I’ve always been interested in the way small brains achieve seemingly complex behaviours. All animals, however great or small, encounter ecological challenges that they must overcome in order to survive. One such challenge is getting from point A to point B. To do this, an animal must extract reliable orientation cues from its environment, process them and adjust its behaviour accordingly. In insects, this task is achieved using an extremely small number of neurons in comparison to their vertebrate counterparts. This, along with insects’ experimental tractability offers a unique opportunity to investigate the behavioural and physiological mechanisms underpinning animal orientation.
My current postdoctoral research is conducted within the Lund Vision Group under the supervision of Dr Marie Dacke and Dr Basil el Jundi. It sets out to establish how dung beetles are capable of orientating away from their dung pile using multiple sensory modalities, specifically wind and light information. My analysis of this behaviour involves a combination of behavioural, electrophysiological and neuroanatomical approaches. With these data I aim to explore how the brain gathers and integrates different modalities of sensory information to produce functionally relevant behaviour, thus highlighting general principles of neural structure and function.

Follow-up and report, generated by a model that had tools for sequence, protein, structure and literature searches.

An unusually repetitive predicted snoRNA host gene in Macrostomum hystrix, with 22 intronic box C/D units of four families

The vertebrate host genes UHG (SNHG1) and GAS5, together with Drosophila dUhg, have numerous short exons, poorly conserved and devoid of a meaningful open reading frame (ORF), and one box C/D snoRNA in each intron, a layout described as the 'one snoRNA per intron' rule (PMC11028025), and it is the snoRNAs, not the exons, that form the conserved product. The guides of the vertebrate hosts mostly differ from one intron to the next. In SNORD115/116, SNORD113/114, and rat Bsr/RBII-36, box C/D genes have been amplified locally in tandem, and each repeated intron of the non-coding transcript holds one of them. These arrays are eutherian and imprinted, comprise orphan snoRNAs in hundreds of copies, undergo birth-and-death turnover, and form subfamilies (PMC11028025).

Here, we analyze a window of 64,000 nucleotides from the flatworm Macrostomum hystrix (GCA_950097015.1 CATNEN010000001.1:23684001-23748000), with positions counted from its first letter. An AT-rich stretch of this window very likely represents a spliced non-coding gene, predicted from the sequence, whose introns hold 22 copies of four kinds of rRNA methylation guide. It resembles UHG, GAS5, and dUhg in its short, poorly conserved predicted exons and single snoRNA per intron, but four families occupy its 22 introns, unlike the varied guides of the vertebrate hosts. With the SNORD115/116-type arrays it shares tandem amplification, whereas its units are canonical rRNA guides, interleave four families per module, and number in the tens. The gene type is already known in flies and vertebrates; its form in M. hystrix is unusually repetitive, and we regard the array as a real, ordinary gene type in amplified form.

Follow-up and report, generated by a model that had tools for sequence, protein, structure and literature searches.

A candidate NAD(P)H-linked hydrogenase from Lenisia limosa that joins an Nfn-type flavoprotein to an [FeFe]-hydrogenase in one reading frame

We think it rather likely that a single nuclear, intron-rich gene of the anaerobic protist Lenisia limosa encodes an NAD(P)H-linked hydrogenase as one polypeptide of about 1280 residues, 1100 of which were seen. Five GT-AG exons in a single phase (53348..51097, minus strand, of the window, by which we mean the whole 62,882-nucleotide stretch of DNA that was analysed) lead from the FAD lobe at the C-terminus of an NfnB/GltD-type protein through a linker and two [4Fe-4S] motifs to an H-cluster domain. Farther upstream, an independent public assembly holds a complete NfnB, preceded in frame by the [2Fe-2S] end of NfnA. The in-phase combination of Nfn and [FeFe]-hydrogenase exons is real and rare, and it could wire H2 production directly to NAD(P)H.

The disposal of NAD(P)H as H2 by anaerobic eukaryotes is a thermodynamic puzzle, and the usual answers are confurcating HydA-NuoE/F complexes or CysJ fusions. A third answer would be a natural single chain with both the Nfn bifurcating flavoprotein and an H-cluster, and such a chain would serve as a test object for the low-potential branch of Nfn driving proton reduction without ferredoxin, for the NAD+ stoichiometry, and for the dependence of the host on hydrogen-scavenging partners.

My scientific career started at Newcastle University, UK, where in 2010 I completed my BSc in Biology. I stayed on there to complete my MRes in Animal Behaviour in the Institute of Neuroscience. I then moved to Brighton in 2012 to start my PhD in Neuroscience in the School of Life Sciences at the University of Sussex. There, under the supervision of Dr Jeremy Niven and Dr Andy Philippides, I studied lateralised motor behaviour in insects. We demonstrated that these relatively small nervous systems are capable of producing lateralised motor behaviour and showed how such lateralisation can be advantageous at the individual and group level.